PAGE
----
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World Health Organization

  • Anton KnielingEmail author
Chapter

Abstract

The World Health Organization (WHO) is a specialized agency of the United Nations (UN) that is concerned with international public health. It was established on April 7, 1948, with headquarters in Geneva, Switzerland and is a member of the UN Development Group. The membership of the WHP includes 193 countries and 2 associate members. Six regional committees, located in the Americas, Europe, the Eastern Mediterranean, South-East Asia, the Western Pacific, and Africa, focus on regional health concerns.

Keywords

Human Immunodeficiency Virus World Health Organization Human Immunodeficiency Virus Infection United Nations Human Immunodeficiency Virus Prevention 
These keywords were added by machine and not by the authors. This process is experimental and the keywords may be updated as the learning algorithm improves.

The World Health Organization (WHO) is a specialized agency of the United Nations (UN) that is concerned with international public health. It was established on April 7, 1948, with headquarters in Geneva, Switzerland and is a member of the UN Development Group. The membership of the WHP includes 193 countries and 2 associate members. Six regional committees, located in the Americas, Europe, the Eastern Mediterranean, South-East Asia, the Western Pacific, and Africa, focus on regional health concerns.

The WHO’s constitution states that its objective “is the attainment by all people of the highest possible level of health”. Apart from coordinating international efforts to control outbreaks of infectious disease, such as SARS, malaria, tuberculosis, influenza, and HIV/AIDS, the WHO also sponsors programs to prevent and treat such diseases. The WHO supports the development and distribution of safe and effective vaccines, pharmaceutical diagnostics, and drugs, such as through the Expanded Program on Immunization.

The WHO Disease Staging System for HIV Infection and Disease was first produced in 1990 by the WHO and was updated in September 2005. It can be used in resource-limited settings, is widely used in Africa and Asia, and has been used in research focusing on progression to symptomatic HIV disease. Most of these conditions are opportunistic infections that can be easily treated in healthy people. The staging system is different for adults and adolescents and children.

The WHO published an interim policy on collaborative TB/HIV activities to assist countries in need of immediate guidance to decrease the dual burden of tuberculosis (TB) and human immunodeficiency virus (HIV). The term interim was used because the evidence was incomplete at that time. Since then, additional evidence has been obtained from randomized controlled trials, observational studies, operational research, and the identification of best practices from programmatic implementation of the collaborative TB/HIV activities recommended by the policy. A number of TB and HIV guidelines and policy recommendations have been developed by WHO’s Stop TB and HIV/AIDS departments.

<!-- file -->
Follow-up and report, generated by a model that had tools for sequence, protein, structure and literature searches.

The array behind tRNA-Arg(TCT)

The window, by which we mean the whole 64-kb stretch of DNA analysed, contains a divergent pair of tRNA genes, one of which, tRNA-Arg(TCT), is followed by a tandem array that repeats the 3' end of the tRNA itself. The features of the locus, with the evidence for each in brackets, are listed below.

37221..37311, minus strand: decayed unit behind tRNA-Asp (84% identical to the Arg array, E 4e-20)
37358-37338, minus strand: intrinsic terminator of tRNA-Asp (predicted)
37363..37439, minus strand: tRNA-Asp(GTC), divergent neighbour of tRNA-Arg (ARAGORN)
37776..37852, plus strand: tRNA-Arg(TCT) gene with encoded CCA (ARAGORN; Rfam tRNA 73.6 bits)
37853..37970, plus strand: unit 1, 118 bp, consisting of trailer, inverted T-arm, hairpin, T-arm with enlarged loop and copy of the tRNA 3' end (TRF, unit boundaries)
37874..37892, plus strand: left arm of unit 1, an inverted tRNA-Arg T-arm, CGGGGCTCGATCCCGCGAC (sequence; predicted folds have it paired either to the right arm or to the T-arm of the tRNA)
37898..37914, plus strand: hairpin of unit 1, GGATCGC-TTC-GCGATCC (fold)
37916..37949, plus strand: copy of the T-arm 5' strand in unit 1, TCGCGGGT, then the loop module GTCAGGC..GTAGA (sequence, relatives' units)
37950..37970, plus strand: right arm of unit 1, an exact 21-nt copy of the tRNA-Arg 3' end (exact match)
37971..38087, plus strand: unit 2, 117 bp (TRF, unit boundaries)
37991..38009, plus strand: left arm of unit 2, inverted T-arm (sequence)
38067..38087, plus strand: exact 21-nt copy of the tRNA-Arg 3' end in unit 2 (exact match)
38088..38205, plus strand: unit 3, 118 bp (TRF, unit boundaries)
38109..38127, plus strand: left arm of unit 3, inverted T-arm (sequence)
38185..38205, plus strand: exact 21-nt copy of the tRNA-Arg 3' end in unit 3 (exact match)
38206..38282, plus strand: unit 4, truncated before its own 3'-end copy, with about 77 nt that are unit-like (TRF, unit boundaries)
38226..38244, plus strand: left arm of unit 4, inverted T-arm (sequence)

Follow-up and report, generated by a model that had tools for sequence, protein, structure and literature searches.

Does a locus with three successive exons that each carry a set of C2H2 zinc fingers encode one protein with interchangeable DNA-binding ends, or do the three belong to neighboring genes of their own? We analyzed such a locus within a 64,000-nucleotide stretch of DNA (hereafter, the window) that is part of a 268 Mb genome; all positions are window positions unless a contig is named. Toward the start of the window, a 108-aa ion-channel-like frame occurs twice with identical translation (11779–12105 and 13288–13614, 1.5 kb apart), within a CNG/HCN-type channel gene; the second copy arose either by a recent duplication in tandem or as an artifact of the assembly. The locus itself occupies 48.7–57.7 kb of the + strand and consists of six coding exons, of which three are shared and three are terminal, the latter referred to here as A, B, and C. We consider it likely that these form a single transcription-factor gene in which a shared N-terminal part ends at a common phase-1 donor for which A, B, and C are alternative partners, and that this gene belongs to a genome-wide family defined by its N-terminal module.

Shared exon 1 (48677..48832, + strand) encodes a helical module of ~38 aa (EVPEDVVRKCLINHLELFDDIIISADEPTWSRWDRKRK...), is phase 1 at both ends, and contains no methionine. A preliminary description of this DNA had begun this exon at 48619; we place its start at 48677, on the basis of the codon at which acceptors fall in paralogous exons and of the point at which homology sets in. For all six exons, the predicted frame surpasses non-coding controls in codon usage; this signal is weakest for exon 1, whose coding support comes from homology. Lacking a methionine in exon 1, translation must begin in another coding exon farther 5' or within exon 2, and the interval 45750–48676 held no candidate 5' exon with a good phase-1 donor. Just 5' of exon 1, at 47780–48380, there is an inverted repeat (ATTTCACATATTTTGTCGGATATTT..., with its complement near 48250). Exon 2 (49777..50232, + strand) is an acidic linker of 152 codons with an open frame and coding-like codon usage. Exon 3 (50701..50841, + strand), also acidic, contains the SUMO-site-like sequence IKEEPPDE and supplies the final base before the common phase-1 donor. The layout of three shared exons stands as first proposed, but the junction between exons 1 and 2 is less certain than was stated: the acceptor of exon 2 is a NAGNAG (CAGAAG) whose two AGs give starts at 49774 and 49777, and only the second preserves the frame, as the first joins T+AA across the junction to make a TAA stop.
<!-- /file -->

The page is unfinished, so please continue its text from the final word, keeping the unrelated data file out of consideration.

Access to evidence-informed HIV prevention, testing and counseling, treatment and care services in low- and middle-income countries has increased and the global incidence of HIV infection is declining in many countries with generalized epidemics. The number of people receiving antiretroviral therapy continues to increase. The WHO Global Health Sector Strategy on HIV/AIDS: Getting to Zero, and the UNICEF’s strategic and programmatic focus on equity will emphasize the need to tailor national HIV responses to the local epidemics, to decentralize programs, and to integrate with other health and community services to achieve the greatest impact.

UNAIDS and WHO have established several new targets: zero new infections, zero discrimination and zero AIDS-related deaths. The Global Health Sector Strategy on HIV/AIDS, endorsed by all WHO Member States in May 2011, guides national HIV responses in the health sector and outlines the role of WHO and other partners in achieving targets. The strategy focuses on four strategic directions: optimizing HIV prevention, diagnosis treatment and care; leveraging broader health outcomes through HIV responses; building strong and sustainable health and community systems; and reducing vulnerability and removing structural barriers that impede access to needed services. The prevention of mother-to-child HIV transmission through increased access to antiretroviral therapy and prophylaxis has energized the efforts of UN members to eliminate new infections among children and improve maternal health.

Related Topics: Standard of care, United Nations.

Suggested Resource

  1. World Health Organization. (2007). Working for health: An introduction to the World Health Organization. Geneva, Switzerland: Author. Retrieved April 17, 2012 from http://www.who.int/about/brochure_en.pdf
  2. World Health Organization. (2011). Global health sector strategy on HIV/AIDS 2011–2015. Geneva, Switzerland: Author. Retrieved April 17, 2012 from http://whqlibdoc.who.int/publications/2011/9789241501651_eng.pdf

Copyright information

© Springer Science+Business Media New York 2013

Authors and Affiliations

  1. 1.University of Medicine and Pharmacy Gr. T. PopaIasiRomania

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